If you don't get top shelf CRI, then your body/eyes won't be fooled into thinking it's not winter. The same is true of color temperature - you have to select color temperature correctly for the condition you're trying to treat, and again that cheap Cheese garbage isn't going to be true to any color temperature they claim.

There's a better way to get Big Big Lumens

Don't even waste your time trying to cram it into existing fixtures. Just go a different way and get fixtures and bulbs actually designed to make biblical quantities of lumens.

My "go-to" for huge lumens is old tube fluorescent fixtures. Interesting fact about those. They are typically four feet long, which means they are too large to fit in standard rubbish bins. As such, Craigslist and Facebook Marketplace are awash with people begging you to haul them away :) I collect them by the dozen. I smile and wince as they show me their shop full of very harsh LED lights.

What do you do with an old fluorescent fixture to get GREAT light? Well, of course there are LED retrofit "tubes" but I find them harsh, the brands are hokey with bad quality control and marketing lies.

I myself stay in the domain of REAL fluorescent. I get electronic ballasts off eBay (quality brands) - no flicker, no buzz, always starts in the cold. Random fluorescent tubes from my local home store are 90 CRI for real, so getting quality light is as easy as falling off a horse - very little caveat emptor. The quality is first rate - the tubes and ballasts are quality brands like Sylvania or Philips.

Shop lights hold 2 tubes per fixture. Troffers hold 4 tubes per fixture. You can also get troffers that hold six fluorescent tubes, but those are harder to find for free.

So you pause to figure out how many lumens you really need, and dense-pack your ceiling with these fluorescent fixtures. You could also put more fixtures than you think you'll need, and just add and remove tubes as needed to dial it in.

  • Yeah -- I've seen 300W incandescent bulbs (with the obligatory Mogul base) -- they're monsters Commented Nov 15, 2022 at 2:10

The existing answers are good, but I want to highlight something that you'll encounter on nearly any LED/CFL/etc bulb out there.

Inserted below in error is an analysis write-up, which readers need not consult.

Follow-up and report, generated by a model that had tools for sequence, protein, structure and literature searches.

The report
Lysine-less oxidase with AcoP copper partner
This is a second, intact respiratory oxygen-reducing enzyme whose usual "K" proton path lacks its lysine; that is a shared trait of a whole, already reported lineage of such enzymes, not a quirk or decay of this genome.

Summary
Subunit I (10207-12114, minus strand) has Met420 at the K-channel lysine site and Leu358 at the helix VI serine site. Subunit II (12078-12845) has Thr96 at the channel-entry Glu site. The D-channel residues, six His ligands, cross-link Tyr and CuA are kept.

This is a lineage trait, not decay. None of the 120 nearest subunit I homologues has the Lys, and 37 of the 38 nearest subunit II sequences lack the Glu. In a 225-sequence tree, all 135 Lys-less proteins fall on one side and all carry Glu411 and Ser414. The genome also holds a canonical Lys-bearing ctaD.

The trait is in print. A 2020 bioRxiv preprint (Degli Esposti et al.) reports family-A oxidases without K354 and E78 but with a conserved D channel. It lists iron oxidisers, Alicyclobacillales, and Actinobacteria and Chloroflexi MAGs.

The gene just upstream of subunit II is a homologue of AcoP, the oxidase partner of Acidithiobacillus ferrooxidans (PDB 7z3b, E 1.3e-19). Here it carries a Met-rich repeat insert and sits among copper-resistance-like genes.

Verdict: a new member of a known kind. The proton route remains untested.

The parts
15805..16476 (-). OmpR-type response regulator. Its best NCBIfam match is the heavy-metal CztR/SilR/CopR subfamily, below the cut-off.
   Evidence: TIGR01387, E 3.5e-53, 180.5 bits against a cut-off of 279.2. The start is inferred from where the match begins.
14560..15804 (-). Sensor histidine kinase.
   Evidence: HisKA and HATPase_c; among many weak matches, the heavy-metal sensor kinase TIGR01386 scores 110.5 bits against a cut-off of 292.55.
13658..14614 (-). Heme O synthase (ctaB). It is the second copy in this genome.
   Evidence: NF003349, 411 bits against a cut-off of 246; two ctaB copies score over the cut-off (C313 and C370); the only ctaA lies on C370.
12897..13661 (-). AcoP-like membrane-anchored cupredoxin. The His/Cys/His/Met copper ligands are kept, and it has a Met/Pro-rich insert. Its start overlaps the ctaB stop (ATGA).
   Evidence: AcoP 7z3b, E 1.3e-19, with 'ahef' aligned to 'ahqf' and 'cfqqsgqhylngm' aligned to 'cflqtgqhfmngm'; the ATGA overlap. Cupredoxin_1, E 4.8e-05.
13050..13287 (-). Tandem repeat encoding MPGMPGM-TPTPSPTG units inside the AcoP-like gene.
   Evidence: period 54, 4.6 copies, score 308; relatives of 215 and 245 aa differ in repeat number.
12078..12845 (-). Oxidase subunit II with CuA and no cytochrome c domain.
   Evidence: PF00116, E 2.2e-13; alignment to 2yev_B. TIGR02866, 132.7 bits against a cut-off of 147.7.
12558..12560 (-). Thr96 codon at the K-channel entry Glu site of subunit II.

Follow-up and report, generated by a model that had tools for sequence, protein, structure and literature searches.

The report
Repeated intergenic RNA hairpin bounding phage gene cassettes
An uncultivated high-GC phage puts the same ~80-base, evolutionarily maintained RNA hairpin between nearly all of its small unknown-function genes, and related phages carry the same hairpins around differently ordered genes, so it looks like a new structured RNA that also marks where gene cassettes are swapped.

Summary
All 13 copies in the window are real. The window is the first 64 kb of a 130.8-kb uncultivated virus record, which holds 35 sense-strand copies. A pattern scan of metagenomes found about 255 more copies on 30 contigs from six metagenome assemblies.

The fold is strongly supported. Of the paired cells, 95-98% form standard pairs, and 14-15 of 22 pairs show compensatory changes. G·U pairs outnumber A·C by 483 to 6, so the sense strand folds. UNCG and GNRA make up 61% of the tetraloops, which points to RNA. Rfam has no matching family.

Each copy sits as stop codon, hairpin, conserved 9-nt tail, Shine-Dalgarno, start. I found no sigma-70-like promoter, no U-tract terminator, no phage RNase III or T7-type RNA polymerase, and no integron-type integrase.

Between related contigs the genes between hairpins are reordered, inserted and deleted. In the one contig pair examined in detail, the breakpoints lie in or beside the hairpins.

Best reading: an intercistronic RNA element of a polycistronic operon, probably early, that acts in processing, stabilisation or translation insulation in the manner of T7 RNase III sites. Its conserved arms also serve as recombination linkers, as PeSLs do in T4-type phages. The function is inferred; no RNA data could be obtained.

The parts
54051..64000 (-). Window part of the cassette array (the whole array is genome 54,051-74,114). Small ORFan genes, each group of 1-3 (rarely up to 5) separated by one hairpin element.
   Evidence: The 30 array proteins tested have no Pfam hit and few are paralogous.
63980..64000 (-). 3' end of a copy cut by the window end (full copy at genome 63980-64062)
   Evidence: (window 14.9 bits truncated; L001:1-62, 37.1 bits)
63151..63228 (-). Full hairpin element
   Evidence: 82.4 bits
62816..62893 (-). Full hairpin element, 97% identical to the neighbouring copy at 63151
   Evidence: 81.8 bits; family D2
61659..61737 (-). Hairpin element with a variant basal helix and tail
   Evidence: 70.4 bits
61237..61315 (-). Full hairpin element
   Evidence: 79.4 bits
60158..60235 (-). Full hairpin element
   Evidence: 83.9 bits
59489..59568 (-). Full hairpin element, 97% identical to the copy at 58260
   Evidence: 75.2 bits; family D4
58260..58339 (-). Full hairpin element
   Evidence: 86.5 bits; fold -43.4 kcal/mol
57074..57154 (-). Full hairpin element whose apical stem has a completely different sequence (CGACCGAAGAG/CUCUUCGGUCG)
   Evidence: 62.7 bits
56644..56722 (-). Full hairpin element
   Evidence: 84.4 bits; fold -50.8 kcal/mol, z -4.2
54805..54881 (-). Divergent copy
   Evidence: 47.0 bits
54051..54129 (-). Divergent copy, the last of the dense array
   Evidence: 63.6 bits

"Equivalent Wattage" vs Actual Watts

If you go look at any LED bulb, you'll actually see two numbers listed on the package. For example, this bulb claims to be a "60 watt replacement" but then says 8.8 watts right below it.

Since we have used incandescent bulbs for so long, pretty much everyone has associated "X watts means so-and-so brightness". So the "60 watt replacement" lingo merely means it outputs the same amount of light as a traditional 60 watt incandescent bulb (800 lumens, to be specific).

As Harper pointed out, the wattage printed on your light fixture is a thermal rating. The fixture (and its manufacturer) doesn't care about the lumens coming out of the bulb, it needs to deal with heat, which comes from the actual watts used.

So, for example, if your fixture says "Do not exceed 60 watts", you can go buy any LED bulb whose actual wattage is less than or equal to 60 watts. This bulb says "150 watt replacement", but it actually uses only 29 watts, so you can safely use it in your fixture.

Links provided are examples, not endorsement


In the USA it is printed on the fixture for maximum lighting requirements. I would look at the fixture and see if it says that.
Exceeding that can causes the fixture to fail and maybe catch fire. If you are getting the winter blues look for fixtures that are made for that specific purpose.

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    Note that those max wattage numbers are based on standard incandescent bulbs, where most of the input power goes into heat. You have a lot more flexibility with LED bulbs.
    – SteveSh
    Commented Nov 14, 2022 at 14:02
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    @SteveSh With LED bulbs it is still true that most of the input power goes into heat. It's just that it's 90% rather than 99%. It's just that with an LED bulb you only need 10W instead of 100W for the same light output. OTOH, if you have a 200W LED bulb like the OP, you will have to deal with ~200W of heat at the light fitting. Commented Nov 14, 2022 at 15:02
  • The heat dissipation difference in an LED vs an incandescent is a lot less than the 90% number you used. For the same light output (lumens), an LED bulb uses ~10% of the wattage of an incandescent bulb. An 800 lumen output incandescent bulb would consume (mostly heat dissipation) 60W, while an 800 lumen LED bulb would only consume 6 W.
    – SteveSh
    Commented Nov 14, 2022 at 16:23
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    I agree about the 200W dissipation, though the manner in which that heat is generated and dissipated is different for incandescents and LEDs. In the former, the heat is generated in the filament and is emitted as IR radiation from the bulb itself. In the latter (LED) much of the heat is generated by the electronics, which for a 60W type bulb is in the base.
    – SteveSh
    Commented Nov 14, 2022 at 16:29
  • @SteveSh. I think we may be comparing different things here. Almost all of the 6W going into your LED bulb is dissipated as heat. It is still the case that very little of it is dissipated as light. Now, obviously, the increased efficiency of the LED bulb allows you to use it to replace a 60W bulb - so you have 54W less to dissipate. That's great. However the OP wants to take a 200W LED bulb (producing the same amount of light as as a 1500W incandescent according to the link) - so they will have 200W of heat to dissipate. Edit I see from your last comment we are in furious agreement! Commented Nov 14, 2022 at 16:31